In a nutshell, very well. While the launch method shares more in common with your desktop PC or laptop than it does with those of us using Android, Stadia for iOS runs just as you’d expect. I am in love with the ability to play games on the iPad Pro.
The screen does have some black borders when in landscape on iPhone and iPad, but the same can be said of Android. Games run smoothly on a solid connection, and even on mobile data, I saw minimal issues with latency but I did have an issue with the Cyberpunk 2077 UI being quite hard to read on a smaller display.
Opening the Store tab or your game Library tab did feel a tad slower as these sections are forced to refresh each time you open them. On Android, those sections can likely be pre-loaded in the background for even quicker load-up.
Unlike on Android, because this is running within a mobile browser, you can play at up to 4K resolution on your mobile device. I’m not sure if this is a glitch that will be resolved, but you can alter the resolution from within settings as this might hammer a data cap should you have one. At launch, the only thing missing is the Google Assistant — which is also not available in the browser as yet either.
One thing I will note is how much quicker I have found the pairing process for my Stadia Premiere controller versus attempting to pair wirelessly with my Pixel 5. The process is seemingly quicker on iOS than it is on Android — or at least it has been, in my experience. Often I have to press the pairing code a couple of times before I can get my gamepad synced. Often I just plug in to save time but that isn’t possible on iOS, because plugged gamepads are not recognized.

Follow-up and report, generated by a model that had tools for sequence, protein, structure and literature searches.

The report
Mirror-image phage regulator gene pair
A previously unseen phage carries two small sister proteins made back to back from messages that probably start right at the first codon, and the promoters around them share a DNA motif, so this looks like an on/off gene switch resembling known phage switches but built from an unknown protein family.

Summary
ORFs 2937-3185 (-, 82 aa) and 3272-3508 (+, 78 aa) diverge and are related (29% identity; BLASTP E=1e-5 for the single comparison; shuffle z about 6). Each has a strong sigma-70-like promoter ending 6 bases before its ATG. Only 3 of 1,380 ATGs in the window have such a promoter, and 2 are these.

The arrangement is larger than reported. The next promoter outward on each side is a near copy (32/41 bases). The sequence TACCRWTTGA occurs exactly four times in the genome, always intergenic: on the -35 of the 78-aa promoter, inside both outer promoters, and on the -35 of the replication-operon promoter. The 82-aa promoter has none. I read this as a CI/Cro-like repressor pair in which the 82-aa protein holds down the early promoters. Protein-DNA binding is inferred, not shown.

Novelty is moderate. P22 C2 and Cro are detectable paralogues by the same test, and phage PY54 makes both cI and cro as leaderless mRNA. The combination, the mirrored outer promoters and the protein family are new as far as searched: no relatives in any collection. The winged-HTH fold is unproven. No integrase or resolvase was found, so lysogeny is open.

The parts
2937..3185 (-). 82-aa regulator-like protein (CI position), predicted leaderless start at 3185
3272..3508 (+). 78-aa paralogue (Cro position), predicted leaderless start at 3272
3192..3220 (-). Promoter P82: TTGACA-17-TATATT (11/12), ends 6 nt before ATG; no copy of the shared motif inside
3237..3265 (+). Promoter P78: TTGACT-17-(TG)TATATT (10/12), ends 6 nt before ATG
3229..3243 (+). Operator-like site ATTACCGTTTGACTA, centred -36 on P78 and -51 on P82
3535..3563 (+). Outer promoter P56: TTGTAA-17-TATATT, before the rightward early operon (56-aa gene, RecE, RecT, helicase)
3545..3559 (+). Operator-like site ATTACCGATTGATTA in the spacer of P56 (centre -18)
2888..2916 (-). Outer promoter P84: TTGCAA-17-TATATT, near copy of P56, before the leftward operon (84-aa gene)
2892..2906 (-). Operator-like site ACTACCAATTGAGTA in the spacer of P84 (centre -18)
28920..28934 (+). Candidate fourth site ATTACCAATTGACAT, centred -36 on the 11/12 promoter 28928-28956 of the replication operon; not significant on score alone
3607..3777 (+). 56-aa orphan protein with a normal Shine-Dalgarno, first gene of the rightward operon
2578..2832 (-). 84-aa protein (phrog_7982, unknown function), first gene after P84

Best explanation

When playing on a mobile data connection, naturally, the recent iPhone 12 series will have an advantage thanks to 5G-connection capabilities. However, on a 4G connection, I saw no immediate differences in my locale with the iPhone 11 and iPhone 12 Pro on the same carrier — Three UK.
What about third-party controllers?
The official Stadia controller works on iOS with absolutely no issues, as you’re technically not pairing the gamepad to your smartphone. You’re actually pairing it directly to your cloud session. This process is easy as long as you have your existing Stadia controller setup and connected to the same network as your iPhone or iPad.
The biggest bonus is the ability to use a Bluetooth controller connected to your iPhone or iPad without any major issues. When using Stadium, this could be finicky and problematic. Because this is a “true” implementation, Bluetooth controllers such as the PS4 and Xbox One gamepad work just fine when synced with your device. Another notable here is that Stadia will recognize the controller layout and show any appropriate on-screen controller-specific prompts without issues.
I can’t personally see any issues or latency that is discernable from an official Stadia controller but that will be dependent on your local network conditions and stability. So long as you can pair a Bluetooth controller to your iOS device, you should have no issues using it effectively as a native gamepad with Stadia.